What is play?
Play is THE most important thing children do! Children learn through play. If you want your children to learn, teach them through play. A toddler's job is playing, their days should be consumed by play.
-OK, I get it! But what does play look like for a toddler?
There are many stages of play from infants cooing and kicking to children having extensive Lego cities. We categorize play to help with the understanding of the larger concept. The six categories were developed by Sociologist Mildred Parten.
Stages of Play:
1. Unoccupied Play- This is the play of infants; kicking, cooing, swatting
2. Solo Play- When toddlers are playing by themselves
3. Onlooker Play- When a toddler watches others play and absorbs or learns from their play
4. Parallel Play- Playing in the same room with children side by side but not engaged in the same activity
5. Associative Play- Playing with the same toys as other children but not interacting with eachother
6. Cooperative Play- Playing together
As children grow they phase through these Stages of Play. You can expect your child to phase through these forms from infancy to around the age of six. (Or sooner depending on their maturity)
These are very simple definitions just to give you an idea of the different stages of play. It is not important that you know the details but just that you understand, you cannot expect a two year old to jump into a game of Hide and Seek on the playground with other children. You cannot teach the Stages of Play, children cycle through them on their own depending on their development. It is not a testament to the parent, or the child for that matter, to move through the types, it is just developmental readiness.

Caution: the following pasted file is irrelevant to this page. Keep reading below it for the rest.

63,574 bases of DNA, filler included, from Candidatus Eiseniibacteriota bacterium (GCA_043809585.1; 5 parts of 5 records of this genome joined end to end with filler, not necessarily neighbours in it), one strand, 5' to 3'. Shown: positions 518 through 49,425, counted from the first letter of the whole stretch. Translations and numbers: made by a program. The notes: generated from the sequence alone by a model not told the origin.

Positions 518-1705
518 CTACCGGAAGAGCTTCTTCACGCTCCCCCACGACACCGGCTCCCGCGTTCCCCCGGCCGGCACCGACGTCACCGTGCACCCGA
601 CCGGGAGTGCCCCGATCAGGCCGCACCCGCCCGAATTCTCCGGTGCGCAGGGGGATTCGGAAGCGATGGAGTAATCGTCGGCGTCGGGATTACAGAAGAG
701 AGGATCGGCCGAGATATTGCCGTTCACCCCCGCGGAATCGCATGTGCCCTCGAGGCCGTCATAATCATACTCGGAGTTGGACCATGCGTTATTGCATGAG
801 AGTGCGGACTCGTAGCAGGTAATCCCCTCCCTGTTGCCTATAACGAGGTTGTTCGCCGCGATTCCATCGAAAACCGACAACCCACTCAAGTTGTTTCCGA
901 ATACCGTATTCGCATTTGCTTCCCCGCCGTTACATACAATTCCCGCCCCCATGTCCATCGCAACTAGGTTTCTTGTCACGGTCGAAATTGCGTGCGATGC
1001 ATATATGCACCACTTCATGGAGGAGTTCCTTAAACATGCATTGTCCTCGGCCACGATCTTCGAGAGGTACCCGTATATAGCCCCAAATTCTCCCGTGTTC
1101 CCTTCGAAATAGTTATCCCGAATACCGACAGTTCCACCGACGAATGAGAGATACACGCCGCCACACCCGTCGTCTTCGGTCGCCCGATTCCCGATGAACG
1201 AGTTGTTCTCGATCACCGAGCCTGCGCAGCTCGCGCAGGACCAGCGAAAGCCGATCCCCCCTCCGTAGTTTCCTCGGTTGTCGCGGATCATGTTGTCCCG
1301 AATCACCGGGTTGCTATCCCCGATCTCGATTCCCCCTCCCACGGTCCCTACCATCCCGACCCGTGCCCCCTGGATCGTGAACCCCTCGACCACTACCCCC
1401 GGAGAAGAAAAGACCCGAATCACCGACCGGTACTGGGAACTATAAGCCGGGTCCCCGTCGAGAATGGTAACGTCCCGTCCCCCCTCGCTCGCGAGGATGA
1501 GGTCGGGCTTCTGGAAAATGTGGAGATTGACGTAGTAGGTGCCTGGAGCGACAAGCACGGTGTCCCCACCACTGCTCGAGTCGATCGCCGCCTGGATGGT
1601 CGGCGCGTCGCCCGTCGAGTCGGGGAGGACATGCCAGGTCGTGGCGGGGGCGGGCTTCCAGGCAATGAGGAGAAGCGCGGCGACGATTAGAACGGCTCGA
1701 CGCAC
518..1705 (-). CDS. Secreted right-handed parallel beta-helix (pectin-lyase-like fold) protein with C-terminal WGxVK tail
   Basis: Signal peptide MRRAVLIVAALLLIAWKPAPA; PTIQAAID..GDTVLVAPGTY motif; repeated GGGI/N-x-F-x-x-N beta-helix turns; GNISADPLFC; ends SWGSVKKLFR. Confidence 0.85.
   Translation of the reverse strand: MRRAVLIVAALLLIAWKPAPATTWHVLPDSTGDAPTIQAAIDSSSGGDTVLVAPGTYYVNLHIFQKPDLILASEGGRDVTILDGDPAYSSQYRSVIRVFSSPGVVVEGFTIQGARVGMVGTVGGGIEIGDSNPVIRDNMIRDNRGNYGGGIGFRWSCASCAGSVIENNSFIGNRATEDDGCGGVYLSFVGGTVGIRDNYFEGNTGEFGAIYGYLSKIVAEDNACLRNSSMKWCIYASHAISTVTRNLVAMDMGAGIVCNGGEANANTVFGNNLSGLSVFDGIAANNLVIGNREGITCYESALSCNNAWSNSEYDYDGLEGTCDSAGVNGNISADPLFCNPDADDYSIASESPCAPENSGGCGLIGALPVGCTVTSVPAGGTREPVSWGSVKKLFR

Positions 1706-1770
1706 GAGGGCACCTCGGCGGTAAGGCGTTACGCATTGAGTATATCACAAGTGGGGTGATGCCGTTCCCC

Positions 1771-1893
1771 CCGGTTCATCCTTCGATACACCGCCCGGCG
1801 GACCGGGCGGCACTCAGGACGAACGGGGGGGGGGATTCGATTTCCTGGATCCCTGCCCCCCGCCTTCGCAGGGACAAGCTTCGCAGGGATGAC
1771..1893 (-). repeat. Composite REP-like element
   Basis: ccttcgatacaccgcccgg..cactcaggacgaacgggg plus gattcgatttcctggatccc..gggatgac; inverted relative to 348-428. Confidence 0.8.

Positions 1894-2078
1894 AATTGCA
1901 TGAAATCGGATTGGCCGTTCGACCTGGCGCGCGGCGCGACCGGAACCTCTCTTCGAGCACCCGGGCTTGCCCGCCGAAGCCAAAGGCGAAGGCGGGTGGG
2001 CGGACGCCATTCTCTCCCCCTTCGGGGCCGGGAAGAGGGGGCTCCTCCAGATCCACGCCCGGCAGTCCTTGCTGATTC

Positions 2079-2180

Besides the Stages of Play there are Types of Play that help us understand play. These categories are broken up into 4 groups that give you a clearer picture of play.
Types of Play:
1. Dramatic/Imaginative Play- Using your body to act out play- role playing/dress-up
2. Competitive Play- Playing with another child(ren) in the form of a game where a child can win and lose
3. Physical Play- This is when motor skills are being used, this can but does not have to involve others
4. Constructive Play- Playing that involves building, maybe using blocks or using toys to make cities
Children tend to show interest in one or two Types of Play more than the others. This is normal and although they can use the other forms they prefer their favorite. These Types of Play are usually identified in children once they have moved into the Cooperative Play Stage.
This is the first post in a Series of posts on Play. Check back for the next post: #2 What Should we Expect from our Children?